Sydney Harbour and Goat Island

Well, after being home for just over a month I have finally finished up reviewing, tossing and adjusting in Lightroom close to 4000 pictures I took on our long adventure to the other side of the world. The last few posts I have shared some of the shots from one of my favourite cities ever, Sydney, NSW.

On the day we were ready to leave Sydney (but we would return), yep way back on March 28th. We decided to take a 3 hour cruise. Fortunately for us, this one was unlike the one Gilligan and the Skipper took way back when! Our journey today would be on the ‘Wangi Queen showboat’. The Wangi Queen is a 1922 restored showboat and our destination would be to “Goat Island” for a history lesson on some of the convicts who, not by choice, called this place home.



Over the years, Goat Island has served as a quarry, convict stockade, explosive store, police station, boat yard and film set.  Today, this Island forms part of the Sydney Harbour National Park. The tour provided a buffet lunch and was “all-inclusive’ with wine and beer and champagne available if desired. Oh and yes it was desired.

I have always been a bit of a history buff so the opportunity to visit this site, I found rather appealing. Did I mention about the open bar? Once on the island, we disembarked the Queen and headed for a lunch of shrimps, fish, salads, ham and roast beef. The temperatures on this day was upwards of 26-27c and very humid. Did I mention beer, free beer is always good on a hot and humid day?

After lunch, our tour started by walking the path and footsteps of the early Australian convicts as we headed toward the early structures forged and built by these convicts in the early to mid 1800’s. All in all the walk would be about 1.5 km around the island. Our first stop was the powder magazine, built by the convicts who also quarried every piece of material used.  The walls of this building were so thick that the building was not only bomb proof but the outside temperatures were never a concern inside.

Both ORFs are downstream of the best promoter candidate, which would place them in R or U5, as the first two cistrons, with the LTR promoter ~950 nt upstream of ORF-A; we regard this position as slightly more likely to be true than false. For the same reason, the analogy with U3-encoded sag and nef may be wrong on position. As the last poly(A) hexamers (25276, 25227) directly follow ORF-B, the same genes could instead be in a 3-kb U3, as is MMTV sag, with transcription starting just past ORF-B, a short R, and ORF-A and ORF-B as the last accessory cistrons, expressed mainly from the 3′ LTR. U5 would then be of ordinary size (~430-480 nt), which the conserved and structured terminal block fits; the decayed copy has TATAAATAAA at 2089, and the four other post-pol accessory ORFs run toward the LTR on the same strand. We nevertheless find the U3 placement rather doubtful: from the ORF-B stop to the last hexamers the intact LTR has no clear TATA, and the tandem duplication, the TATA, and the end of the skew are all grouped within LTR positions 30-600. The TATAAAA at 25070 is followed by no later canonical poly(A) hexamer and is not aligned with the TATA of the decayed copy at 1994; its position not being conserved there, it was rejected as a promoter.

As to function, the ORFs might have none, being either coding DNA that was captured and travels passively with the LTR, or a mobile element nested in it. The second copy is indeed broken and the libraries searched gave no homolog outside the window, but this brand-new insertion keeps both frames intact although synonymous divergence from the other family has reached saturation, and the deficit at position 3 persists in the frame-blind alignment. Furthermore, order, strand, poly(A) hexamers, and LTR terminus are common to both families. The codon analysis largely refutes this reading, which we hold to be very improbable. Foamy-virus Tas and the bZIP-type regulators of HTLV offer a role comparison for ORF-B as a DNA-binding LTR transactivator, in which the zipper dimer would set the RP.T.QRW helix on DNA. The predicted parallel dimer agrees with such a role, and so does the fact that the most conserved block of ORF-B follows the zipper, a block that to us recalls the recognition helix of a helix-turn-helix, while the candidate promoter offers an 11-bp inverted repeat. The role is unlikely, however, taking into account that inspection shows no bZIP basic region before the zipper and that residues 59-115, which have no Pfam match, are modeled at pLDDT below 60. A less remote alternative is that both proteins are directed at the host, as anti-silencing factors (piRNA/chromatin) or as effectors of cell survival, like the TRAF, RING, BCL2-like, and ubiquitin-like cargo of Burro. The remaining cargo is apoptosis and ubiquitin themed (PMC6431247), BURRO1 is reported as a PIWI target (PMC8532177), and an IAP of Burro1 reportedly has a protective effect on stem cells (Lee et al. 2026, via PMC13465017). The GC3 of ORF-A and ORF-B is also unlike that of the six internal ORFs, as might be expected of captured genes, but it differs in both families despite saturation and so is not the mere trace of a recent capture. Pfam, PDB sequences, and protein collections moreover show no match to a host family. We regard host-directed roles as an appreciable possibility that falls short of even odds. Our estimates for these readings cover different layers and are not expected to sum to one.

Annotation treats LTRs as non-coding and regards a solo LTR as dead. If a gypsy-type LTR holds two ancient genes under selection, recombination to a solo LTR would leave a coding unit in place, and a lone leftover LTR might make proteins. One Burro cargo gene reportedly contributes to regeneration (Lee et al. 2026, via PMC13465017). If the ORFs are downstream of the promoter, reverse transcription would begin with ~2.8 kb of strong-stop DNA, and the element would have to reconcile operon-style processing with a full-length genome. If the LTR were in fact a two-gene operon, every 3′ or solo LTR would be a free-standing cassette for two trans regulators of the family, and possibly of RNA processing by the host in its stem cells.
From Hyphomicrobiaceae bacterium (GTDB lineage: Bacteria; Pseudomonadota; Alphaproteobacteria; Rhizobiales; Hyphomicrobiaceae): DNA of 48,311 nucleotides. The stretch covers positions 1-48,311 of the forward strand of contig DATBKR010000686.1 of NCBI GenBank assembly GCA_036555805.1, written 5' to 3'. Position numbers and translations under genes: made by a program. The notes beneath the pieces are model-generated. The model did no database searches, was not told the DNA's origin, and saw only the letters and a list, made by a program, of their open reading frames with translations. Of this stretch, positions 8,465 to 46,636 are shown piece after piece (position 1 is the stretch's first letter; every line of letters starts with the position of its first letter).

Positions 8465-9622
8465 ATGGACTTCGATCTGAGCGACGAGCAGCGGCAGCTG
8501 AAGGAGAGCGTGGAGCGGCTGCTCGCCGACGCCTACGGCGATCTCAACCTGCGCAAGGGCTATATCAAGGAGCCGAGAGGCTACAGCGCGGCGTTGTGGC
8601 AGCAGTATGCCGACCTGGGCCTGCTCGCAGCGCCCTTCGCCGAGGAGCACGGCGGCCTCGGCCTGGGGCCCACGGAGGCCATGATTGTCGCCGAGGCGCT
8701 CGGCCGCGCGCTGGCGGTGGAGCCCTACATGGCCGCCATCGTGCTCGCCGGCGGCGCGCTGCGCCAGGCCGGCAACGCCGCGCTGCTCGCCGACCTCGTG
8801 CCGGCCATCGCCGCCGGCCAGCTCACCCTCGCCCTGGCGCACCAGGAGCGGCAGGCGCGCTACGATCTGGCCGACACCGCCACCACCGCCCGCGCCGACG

Below our guide provides some fascinating tales of how the building was built. I kept an eye out for ghosts of the past while snapping shots…..



Goat Island was also know (according to our tour guide) as the first place for mobile homes in the world. Although I am sure our tour guide said this with ‘tongue in cheek’ he was referring to the mobile cells the convicts were kept in. These unique prison cells were used to house the convicts because the convicts were building in different spots on the island and as they moved from spot to spot they would be required to pull their cells along with them so they were never to far from their work spot. At the end of the day, they would simply pile back into the cell and rest for the night. When 4:30 am arrived the next morning, they would be up and out and back to work. When I mentioned they piled into the cell at the end of each day I really meant piled. Each mobile unit held up to 20 prisoners on two levels. I am about 5’10 in height and had to duck my head to walk in the door and could not stand upright once inside.



As you can see from the interior there was not much room for 3-4 men let alone 20.  A single bucket was placed in the middle and used for a latrine. 20 sweaty convicts and a bucket full of human waste…wow!


We will leave you to ponder this for today and in the next post I will continue with our tour of Goat Island in Sydney Harbour.

Cheers all


5 thoughts on “Sydney Harbour and Goat Island

  1. What an elegant looking boat.
    I shudder to think what those convicts went through. I am sure that cramped space made them regret whatever got them there in the first place.

Leave a Reply

Fill in your details below or click an icon to log in: Logo

You are commenting using your account. Log Out /  Change )

Google+ photo

You are commenting using your Google+ account. Log Out /  Change )

Twitter picture

You are commenting using your Twitter account. Log Out /  Change )

Facebook photo

You are commenting using your Facebook account. Log Out /  Change )


Connecting to %s